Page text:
When people hear that I am a genius, the first thing they usually want to know is HOW I know I’m a genius, and how long I’ve known it.
The thing non-geniuses don’t understand is . . .well, pretty much everything. The fact is, being a genius is something you just “know,” like whether or not you like tuna fish, or how soon you’re going to puke. It’s a gut feeling. If you don’t know for sure that you’re a genius, trust me, you’re not.
Sure, there are IQ tests and other various methods of measuring “intelligence,” but these are all crude attempts by non-geniuses to quantify something they clearly don’t understand. All true geniuses reject these kinds of tests as stupid and beside the point, and so do I—because, as we’ve already established, that’s what geniuses do.
Accepting one’s own genius is a long process of discovering, time and time again, that you are smarter and better than everyone else. In school, it did not take long for me to realize that my fellow classmates were all whiny, snot-nosed know-nothings. It became clearer with each passing year that my teachers too were complete nincompoops; losers, every one. And when I entered the working world, I was gobsmacked by the absolute shit-storm of stupidity that surrounded me on a daily basis. No matter which company I worked for, the story was always the same: numbskulls and boneheads from top to bottom running around making crap-tastic decisions that resulted in huge clusterfucks of mind-melting idiocy—all of which could have been avoided if they had simply been intelligent enough to ask me first.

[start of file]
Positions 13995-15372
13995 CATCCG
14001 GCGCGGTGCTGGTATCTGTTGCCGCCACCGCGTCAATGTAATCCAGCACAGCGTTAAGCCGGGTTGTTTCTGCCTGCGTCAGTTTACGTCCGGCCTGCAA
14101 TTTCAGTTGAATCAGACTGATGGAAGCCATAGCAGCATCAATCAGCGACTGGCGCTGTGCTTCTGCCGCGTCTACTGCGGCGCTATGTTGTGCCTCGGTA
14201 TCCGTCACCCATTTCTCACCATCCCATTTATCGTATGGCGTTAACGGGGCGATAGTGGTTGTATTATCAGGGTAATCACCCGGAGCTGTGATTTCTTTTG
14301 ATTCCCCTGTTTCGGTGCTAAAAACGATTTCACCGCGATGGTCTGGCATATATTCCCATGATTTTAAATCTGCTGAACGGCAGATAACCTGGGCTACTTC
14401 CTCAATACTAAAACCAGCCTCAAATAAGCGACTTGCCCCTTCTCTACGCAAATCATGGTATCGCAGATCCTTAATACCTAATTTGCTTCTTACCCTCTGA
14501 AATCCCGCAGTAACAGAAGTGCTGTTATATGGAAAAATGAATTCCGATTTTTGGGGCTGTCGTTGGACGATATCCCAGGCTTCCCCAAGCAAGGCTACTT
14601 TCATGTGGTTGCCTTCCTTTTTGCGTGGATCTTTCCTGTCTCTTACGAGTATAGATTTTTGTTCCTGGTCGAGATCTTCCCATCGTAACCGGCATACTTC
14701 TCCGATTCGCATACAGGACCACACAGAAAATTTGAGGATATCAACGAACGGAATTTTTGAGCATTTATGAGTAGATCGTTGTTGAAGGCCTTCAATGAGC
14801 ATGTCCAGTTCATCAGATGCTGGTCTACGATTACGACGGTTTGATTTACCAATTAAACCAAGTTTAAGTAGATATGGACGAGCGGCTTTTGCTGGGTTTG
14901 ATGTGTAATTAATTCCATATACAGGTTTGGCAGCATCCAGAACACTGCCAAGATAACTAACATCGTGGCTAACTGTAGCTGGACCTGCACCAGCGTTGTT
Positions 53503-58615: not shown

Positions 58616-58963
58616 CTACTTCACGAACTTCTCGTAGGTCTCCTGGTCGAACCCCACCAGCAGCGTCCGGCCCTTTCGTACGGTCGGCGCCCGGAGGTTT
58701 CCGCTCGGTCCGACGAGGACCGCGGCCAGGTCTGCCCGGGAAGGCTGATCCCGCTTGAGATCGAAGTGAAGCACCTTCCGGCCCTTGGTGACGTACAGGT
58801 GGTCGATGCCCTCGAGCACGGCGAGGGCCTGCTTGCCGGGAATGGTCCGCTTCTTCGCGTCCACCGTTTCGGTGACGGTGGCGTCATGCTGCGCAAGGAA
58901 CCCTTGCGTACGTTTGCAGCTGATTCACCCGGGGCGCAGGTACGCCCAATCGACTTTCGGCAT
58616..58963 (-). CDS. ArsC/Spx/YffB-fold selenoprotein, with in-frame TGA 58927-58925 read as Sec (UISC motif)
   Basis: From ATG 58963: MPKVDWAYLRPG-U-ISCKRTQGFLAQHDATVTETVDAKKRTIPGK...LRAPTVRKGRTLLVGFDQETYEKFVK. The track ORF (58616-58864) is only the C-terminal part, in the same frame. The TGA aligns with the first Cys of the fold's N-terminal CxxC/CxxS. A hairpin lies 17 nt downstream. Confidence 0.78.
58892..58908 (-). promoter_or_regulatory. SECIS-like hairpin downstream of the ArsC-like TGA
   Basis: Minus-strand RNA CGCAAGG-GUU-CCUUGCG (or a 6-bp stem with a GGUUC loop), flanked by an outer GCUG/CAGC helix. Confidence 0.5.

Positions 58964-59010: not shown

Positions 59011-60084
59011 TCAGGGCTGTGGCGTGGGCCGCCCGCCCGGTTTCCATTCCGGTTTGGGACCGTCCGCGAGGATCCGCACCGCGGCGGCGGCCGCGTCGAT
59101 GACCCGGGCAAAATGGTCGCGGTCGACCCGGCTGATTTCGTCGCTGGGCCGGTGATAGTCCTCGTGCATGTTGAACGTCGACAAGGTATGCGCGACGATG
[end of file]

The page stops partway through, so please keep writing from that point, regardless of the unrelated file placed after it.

Alas, being ignored and overlooked by others is not uncommon in the life of a genius. Few people appreciate how much their lives could improve if they would just shut up and listen to what I’m telling them. But no, they’d rather listen to themselves than to me, even after I’ve explained, in no uncertain terms, how inferior their opinions are to mine.
People think being a genius is all MENSA mixers and Jeopardy tryouts, but the reality is much less glamorous. You can tell people over and over again how brilliant you are compared to them, and half the time they won’t even believe you. But what do you expect from non-geniuses? They are handicapped, after all, and because of their shortcomings we must rise above the fray and have pity on them. The lot of the genius is never easy; we must console ourselves with the knowledge that we are always right, and they are wrong, even if they don’t know it yet. Which they don’t, because they are not us.